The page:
Automakers with new entries for the 2003 model year as well as those just looking to push existing lines will be out this fall spending big.
"There are a lot of brand new nameplates and they require big investments because you've got to start from scratch" to build awareness, said Steve Sturm, VP-marketing, Toyota Motor Sales USA's Toyota Division.
Despite cuts in ad spending last year from major players like General Motors Corp., the auto category was still the nation's biggest spender. According to Taylor Nelson Sofres' CMR, the industry spent $14.4 billion in measured media in 2001 vs. $15.4 billion the prior year.
"I suspect the extra number of new models helped drive the TV upfronts" this year, said Tom Healey, senior partner at consultancy J.D. Power and Associates.
The sport utility segment has its share of newcomers. Those arriving later this year include: Nissan North America's Nissan Murano, Mitsubishi Motor Sales of America's Outlander, Volvo Cars of North America's XC90, Toyota luxury brand's Lexus GX470 and American Honda Motor Co.'s Element. Porsche Cars North America enters the SUV segment early next year with its Cayenne, which the sports-car maker has advertised in print for several months via Interpublic Group of Cos.' Carmichael Lynch, Minneapolis.
Toyota plans a strong launch for the redone 2003 4Runner SUV this fall, for which Publicis Groupe's Saatchi & Saatchi Los Angeles, Torrance, Calif., is readying an integrated campaign.
Volvo has already pre-sold half the 6,000 XC90s it will get in the last two months of the year, said Tom Andersson, exec VP-marketing at the Ford Motor Co.-owned brand. That's why Volvo's first SUV will get limited advertising later this year from Havas' Euro MVBMS, New York, but increased advertising next year. Eric Conn, assistant VP-national advertising, Honda, is juggling his brand's new launches. Honda recently launched the all-new Pilot SUV. The Pilot campaign, from independent Rubin Postaer & Associates, Santa Monica, will slow down next month in favor of Honda's major blitz for its next generation Accord. "In launch you need so much weight, you've almost got to rob Peter to pay Paul," Mr. Conn said.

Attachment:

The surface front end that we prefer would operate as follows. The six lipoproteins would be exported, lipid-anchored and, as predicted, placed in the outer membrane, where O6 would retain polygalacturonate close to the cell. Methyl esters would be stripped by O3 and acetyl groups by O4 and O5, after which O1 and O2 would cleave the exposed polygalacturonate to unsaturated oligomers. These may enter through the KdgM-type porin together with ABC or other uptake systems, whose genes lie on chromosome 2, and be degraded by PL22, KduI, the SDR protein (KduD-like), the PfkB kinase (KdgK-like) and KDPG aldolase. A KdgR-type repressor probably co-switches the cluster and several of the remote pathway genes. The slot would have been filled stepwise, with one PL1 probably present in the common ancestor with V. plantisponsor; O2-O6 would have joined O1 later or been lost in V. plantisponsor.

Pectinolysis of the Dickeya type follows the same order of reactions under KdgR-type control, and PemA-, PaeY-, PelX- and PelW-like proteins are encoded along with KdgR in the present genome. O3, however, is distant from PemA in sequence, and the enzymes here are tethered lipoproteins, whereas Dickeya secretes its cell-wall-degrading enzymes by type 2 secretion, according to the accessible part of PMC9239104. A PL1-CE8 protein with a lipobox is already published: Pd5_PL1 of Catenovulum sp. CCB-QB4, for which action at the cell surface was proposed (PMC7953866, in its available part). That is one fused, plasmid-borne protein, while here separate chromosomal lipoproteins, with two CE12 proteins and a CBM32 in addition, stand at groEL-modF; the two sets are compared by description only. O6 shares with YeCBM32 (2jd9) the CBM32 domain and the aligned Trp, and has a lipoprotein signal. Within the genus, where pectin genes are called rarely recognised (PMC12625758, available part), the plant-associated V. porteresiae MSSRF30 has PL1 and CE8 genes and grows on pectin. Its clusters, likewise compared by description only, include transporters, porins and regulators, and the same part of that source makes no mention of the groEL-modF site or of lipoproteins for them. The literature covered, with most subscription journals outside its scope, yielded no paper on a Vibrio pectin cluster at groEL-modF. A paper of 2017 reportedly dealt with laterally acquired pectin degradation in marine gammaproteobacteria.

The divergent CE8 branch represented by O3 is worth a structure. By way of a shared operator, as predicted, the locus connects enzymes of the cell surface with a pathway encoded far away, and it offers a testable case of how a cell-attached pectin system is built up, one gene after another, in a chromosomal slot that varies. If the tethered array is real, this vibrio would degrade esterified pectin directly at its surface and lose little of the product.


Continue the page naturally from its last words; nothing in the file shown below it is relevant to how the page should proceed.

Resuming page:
Honda will use a lot of non-traditional media to launch the Gen Y-targeted Element SUV late this year, including event marketing and Internet ads, as well as first-time buys with several magazine titles.
Ford Motor Co.'s Ford Division has no new major models this fall, and plans to spend heavily in the fourth quarter, spotlighting small-car line Focus, a spokesman said. The work from WPP Group's J. Walter Thompson, Detroit, will tout driving dynamics and show the breadth of Focus offerings.
Chrysler Group will be a strong advertiser in the fourth quarter vs. a year ago, said George Murphy, senior VP-global brand marketing. Spending will continue to rise next year due to new model launches like the Chrysler Crossfire coupe. The fall splash includes ads for the 2003 Dodge Ram Heavy Duty pickup and a heavy ad schedule for its new turbo PT Cruiser. Jeep, which has no new models, will tout "the hero positioning of the brand," Mr. Murphy said. Omnicom Group's BBDO Detroit, Troy, Mich., handles.
Other newcomers include 2003-model sports cars: Nissan's 350Z and BMW's Z4 roadster. Cadillac's XLR roadster arrives from the GM brand next spring as a 2004 model. Other cars out this fall are Nissan's Infiniti Division's G35 sports coupe, Volkswagen of America's Beetle convertible and the new generation of Mercedes-Benz USA's E-Class sedan.